One of My Favorite quotes of Charles Spurgeon

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Charles Spurgeon – 1834-1892

“When I was coming to Christ, I thought I was doing it all myself, and though I sought the Lord earnestly, I had no idea the Lord was seeking me. I can recall the very day and hour when first I received those truths in my own soul – when they were, as John Bunyan says, burnt into my heart as with a hot iron. One week-night, when I was sitting in the house of God, I was not thinking much about the preacher’s sermon, for I did not believe it. The thought struck me, “How did you come to be a Christian?” I sought the Lord. “But how did you come to seek the Lord?” The truth flashed across my mind in a moment – I should not have sought Him unless there had been some previous influence in my mind to make me seek Him. I prayed, thought I, but then asked myself, “How came I to pray?” I was induced to pray by reading the Scriptures. “How came I to read the Scriptures? I did read them, but what led me to do so?” Then, in a moment, I saw that God was at the bottom of it all, and that He was the Author of my faith, and so the whole doctrine of grace opened up to me, and from that doctrine I have not departed to this day, and I desire to make this my constant confession, “I ascribe my change wholly to God.” I know nothing, nothing again that is more humbling than this doctrine of election. I have sometimes fallen prostrate before it when endeavoring to understand it. But, when I came near it, and the one thought possessed me – ‘God hath from the beginning chosen you unto salvation’ – I was staggered with the mighty thought; and from the dizzy elevation down came my soul, prostrate and broken, saying, ‘Lord,  I am nothing, I am less than nothing. Why me? Why me?”
 

 

“Immanuel is hell’s terror”

Ray Ortlund, Jr. reminds me this morning of a great hero of the faith, Charles Spurgeon:

“‘Immanuel, God with us.’  It is hell’s terror.  Satan trembles at the sound of it. . . . Let him come to you suddenly, and do you but whisper that word, ‘God with us,’ back he falls, confounded and confused. . . . ‘God with us’ is the laborer’s strength.  How could he preach the gospel, how could he bend his knees in prayer, how could the missionary go into foreign lands, how could the martyr stand at the stake, how could the confessor own his Master, how could men labor if that one word were taken away? . . . ‘God with us’ is eternity’s sonnet, heaven’s hallelujah, the shout of the glorified, the song of the redeemed, the chorus of the angels, the everlasting oratorio of the great orchestra of the sky. . . .

Feast, Christians, feast; you have a right to feast. . . . But in your feasting, think of the Man in Bethlehem.  Let him have a place in your hearts, give him the glory, think of the virgin who conceived him, but think most of all of the Man born, the Child given.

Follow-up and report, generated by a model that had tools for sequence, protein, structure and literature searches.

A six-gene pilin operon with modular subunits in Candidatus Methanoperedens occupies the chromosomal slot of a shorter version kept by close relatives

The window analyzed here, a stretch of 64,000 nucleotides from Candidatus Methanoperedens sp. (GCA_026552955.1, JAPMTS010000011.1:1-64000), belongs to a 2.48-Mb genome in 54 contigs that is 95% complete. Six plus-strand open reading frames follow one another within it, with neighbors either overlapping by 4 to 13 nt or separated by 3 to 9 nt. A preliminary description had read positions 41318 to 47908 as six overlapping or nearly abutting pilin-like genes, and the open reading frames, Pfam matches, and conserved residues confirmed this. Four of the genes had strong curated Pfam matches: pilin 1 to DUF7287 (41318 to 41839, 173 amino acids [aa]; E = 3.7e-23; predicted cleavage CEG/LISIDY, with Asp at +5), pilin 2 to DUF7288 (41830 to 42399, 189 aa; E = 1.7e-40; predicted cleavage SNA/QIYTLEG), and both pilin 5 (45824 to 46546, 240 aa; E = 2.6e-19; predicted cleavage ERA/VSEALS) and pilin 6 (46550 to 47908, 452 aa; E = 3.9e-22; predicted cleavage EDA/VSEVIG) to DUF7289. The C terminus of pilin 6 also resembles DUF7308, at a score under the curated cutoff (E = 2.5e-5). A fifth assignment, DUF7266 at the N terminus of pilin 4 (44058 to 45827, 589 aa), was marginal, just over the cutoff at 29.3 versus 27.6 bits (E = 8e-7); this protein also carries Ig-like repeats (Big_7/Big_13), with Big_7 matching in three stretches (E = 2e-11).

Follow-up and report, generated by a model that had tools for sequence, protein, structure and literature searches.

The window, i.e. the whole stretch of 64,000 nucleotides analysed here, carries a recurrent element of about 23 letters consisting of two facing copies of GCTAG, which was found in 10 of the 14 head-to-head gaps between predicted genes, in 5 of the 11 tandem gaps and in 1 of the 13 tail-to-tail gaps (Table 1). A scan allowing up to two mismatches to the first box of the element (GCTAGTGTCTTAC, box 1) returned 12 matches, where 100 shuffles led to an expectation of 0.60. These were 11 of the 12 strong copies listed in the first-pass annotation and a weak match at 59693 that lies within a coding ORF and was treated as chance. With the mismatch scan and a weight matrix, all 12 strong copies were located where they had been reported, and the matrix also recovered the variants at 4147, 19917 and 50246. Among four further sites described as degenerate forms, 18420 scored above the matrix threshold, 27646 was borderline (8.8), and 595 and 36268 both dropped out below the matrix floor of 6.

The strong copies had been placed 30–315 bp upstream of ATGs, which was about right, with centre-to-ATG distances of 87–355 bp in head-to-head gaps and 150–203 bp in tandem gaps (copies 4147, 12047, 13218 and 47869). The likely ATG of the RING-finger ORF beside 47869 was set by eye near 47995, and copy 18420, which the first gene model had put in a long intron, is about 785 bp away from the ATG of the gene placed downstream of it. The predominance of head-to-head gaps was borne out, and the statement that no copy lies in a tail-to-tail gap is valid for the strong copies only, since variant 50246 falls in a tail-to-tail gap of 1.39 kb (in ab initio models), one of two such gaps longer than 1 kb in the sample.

I finish by again saying, A happy Christmas to you all!

C. H. Spurgeon, The Treasury of the Old Testament (London, n.d.), III:430.

One of my most favorite quotes

Charles Spurgeon – 1834-1892

He was the pastor of the Metropolitan Tabernacle in London for thirty years,  the most famous pastor of his day – and a Reformed Baptist.  His preaching was powerful to the winning of souls to Christ.  What was the gospel that he preached that brought thousands to Christ?  What was his life-long confession? Read what Spurgeon describes as his salvation at the age of 16.

When I was coming to Christ,  I thought I was doing it all myself,  and though I sought the Lord earnestly,  I had no idea the Lord was seeking me.  I can recall the very day and hour when first I received those truths in my own soul – when they were,  as John Bunyan says,  burnt into my heart as with a hot iron.  One week-night,  when I was sitting in the house of God,  I was not thinking much about the preacher’s sermon,  for I did not believe it.  The thought struck me,  “How did you come to be a Christian?”  I sought the Lord.  “But how did you come to seek the Lord?”  The truth flashed across my mind in a moment – I should not have sought Him unless there had been some previous influence in my mind to make me seek Him.  I prayed,  thought I,  but then asked myself,  “How came I to pray?”  I was induced to pray by reading the Scriptures.  “How came I to read the Scriptures?  I did read them,  but what led me to do so?”  Then,  in a moment,  I saw that God was at the bottom of it all,  and that He was the Author of my faith,  and so the whole doctrine of grace opened up to me,  and from that doctrine I have not departed to this day,  and I desire to make this my constant confession,

I ascribe my change wholly to God . . . I know nothing,  nothing again that is more humbling than this doctrine of election.  I have sometimes fallen prostrate before it when endeavoring to understand it.  But,  when I came near it,  and the one thought possessed me – ‘God hath from the beginning chosen you unto salvation’ – I was staggered with the mighty thought;  and from the dizzy elevation down came my soul,  prostrate and broken,  saying,  ‘Lord,  I am nothing,  I am less than nothing.  Why me?  Why me?